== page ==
Monday, 19 February 2018
Public consultation open; is UK sourced wood low risk?
A public consultation is now open, running from 19 February to 20 April, on a revised controlled wood national risk assessment for the United Kingdom.
The Forest Stewardship Council is dedicated to promoting environmentally appropriate, socially beneficial, and economically viable management of the world’s forests. We pursue this mission through independent certification of forest management, which allows the FSC logo and claims of responsible forest management to be used on products included paper, packaging, stationery,timber and furniture.
In addition to raw material from FSC certified forests, products carrying the FSC Mix label may contain a proportion of reclaimed/recycled wood or material from other controlled sources. It is these other controlled sources which we are currently re-assessing in the UK, i.e.wood which is neither from FSC certified forests nor reclaimed/recycled. We need to be confident that any such wood sourced in the UK is from acceptable sources.
The FSC controlled wood system is designed to ensure that there is a low risk of material from unacceptable sources being included in FSC labelled products.
The five controlled wood categories are:
1. Illegally harvested wood;
2. Wood harvested in violation of traditional and human rights;
3. Wood from forests in which high conservation values are threatened by management activities;
4. Wood from forests being converted to plantations or non-forest use; and
5. Wood from forests in which genetically modified trees are planted.
The rules governing the use of controlled material are set out in the FSC standard FSC-STD-40-005V3-1 EN Requirements for Sourcing FSC Controlled Wood.
An important element of the FSC controlled wood system is the assessment of risk related to the origin of material for each controlled wood category. It is for this reason that FSC UK maintains a national risk assessment for the whole of the United Kingdom of Great Britain and Northern Ireland. The existing risk assessment concludes that there is a low risk of UK sourced wood coming from any of the five unacceptable sources listed above.
This risk assessment is now being revised in line with FSC-PRO-60-002 V3-0 EN The Development and Approval of FSC National Risk Assessments and FSC-PRO-60-002a V1-0 EN FSC National Risk Assessment Framework. In the FSC National Risk Assessment Framework you will find full details of the indicators and thresholds used to determine whether there is low or specified risk for each of the five controlled wood categories.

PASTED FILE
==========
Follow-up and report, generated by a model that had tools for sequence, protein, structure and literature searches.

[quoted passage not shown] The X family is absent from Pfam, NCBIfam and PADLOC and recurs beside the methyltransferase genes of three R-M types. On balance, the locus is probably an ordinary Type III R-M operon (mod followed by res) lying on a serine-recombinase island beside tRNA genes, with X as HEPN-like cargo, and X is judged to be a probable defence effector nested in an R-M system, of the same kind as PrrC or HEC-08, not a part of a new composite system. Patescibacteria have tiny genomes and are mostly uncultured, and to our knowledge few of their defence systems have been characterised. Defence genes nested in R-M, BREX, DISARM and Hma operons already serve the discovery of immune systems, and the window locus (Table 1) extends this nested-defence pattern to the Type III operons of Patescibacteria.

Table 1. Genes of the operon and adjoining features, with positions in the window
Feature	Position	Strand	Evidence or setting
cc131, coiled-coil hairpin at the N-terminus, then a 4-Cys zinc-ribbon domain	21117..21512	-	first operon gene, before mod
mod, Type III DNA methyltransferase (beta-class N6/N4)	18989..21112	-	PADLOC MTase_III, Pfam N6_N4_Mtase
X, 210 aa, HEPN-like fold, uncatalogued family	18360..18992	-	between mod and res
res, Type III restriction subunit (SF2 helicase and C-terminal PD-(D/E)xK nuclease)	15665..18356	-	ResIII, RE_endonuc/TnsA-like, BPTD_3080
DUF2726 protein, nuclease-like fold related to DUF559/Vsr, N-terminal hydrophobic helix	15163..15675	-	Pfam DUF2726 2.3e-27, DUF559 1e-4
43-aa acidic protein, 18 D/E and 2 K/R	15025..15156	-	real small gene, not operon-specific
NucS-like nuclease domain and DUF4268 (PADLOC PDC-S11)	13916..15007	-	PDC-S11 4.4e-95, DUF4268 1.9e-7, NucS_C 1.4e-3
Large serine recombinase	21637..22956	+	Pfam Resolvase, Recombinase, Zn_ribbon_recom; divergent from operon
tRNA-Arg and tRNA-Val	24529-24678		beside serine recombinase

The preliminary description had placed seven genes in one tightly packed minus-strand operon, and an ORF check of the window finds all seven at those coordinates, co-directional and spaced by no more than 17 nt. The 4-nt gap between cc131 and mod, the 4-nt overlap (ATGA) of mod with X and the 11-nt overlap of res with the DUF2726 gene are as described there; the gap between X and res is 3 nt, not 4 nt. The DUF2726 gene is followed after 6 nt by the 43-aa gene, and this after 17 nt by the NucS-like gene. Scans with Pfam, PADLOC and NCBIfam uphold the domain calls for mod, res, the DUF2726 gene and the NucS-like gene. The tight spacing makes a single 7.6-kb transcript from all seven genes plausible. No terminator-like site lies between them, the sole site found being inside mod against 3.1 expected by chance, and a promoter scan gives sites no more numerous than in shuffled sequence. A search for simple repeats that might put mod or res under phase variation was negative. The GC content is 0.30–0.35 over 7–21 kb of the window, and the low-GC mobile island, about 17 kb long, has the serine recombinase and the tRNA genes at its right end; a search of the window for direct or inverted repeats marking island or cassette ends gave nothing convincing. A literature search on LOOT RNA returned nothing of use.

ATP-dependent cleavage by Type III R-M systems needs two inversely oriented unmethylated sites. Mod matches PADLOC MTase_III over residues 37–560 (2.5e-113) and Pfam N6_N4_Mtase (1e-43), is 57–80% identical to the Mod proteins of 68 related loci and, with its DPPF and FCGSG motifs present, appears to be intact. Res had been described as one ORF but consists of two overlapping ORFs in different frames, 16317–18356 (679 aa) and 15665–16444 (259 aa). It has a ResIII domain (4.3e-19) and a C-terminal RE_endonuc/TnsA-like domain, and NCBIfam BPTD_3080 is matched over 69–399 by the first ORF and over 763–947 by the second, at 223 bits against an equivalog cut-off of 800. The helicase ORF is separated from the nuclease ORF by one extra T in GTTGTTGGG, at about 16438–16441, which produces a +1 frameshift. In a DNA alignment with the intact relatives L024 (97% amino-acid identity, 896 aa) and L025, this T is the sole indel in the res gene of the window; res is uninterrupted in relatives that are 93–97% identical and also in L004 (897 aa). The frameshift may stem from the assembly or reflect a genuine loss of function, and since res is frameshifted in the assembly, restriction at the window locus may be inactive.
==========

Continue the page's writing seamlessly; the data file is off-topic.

The draft risk assessment, available for download below, has been prepared by external consultants and a six member working group (with equal representation of economic, environmental and social interests), with FSC UK Forest Standards Manager Dr Owen Davies acting as Coordinator. It takes into account a broad range of evidence, but to ensure that the assessment is robust we are inviting your comments and further evidence. You can also download the draft National High Conservation Value Framework for the UK, which is important to the interpretation of controlled wood category 3.
The public consultation will run from 19 February to 20 April, and during that time you can submit your comments directly to Owen, either by e-mail (firstname.lastname@example.org) or via the FSC UK postal address. Please be aware that all comments will be published in a consultation report unless you request confidentiality.
Once the public consultation is closed, feedback will be analysed and the draft risk assessment will be further revised if necessary. We expect to submit a final draft and consultation report to FSC International at the beginning of July, and anticipate formal approval of the risk assessment in September. Once approved, the risk assessment will be maintained as described in the introduction to the document, with FSC UK keeping a record of stakeholder comments and reviewing the document at least every five years; in particular, FSC UK will consider the regulatory implications of the UK leaving the European Union.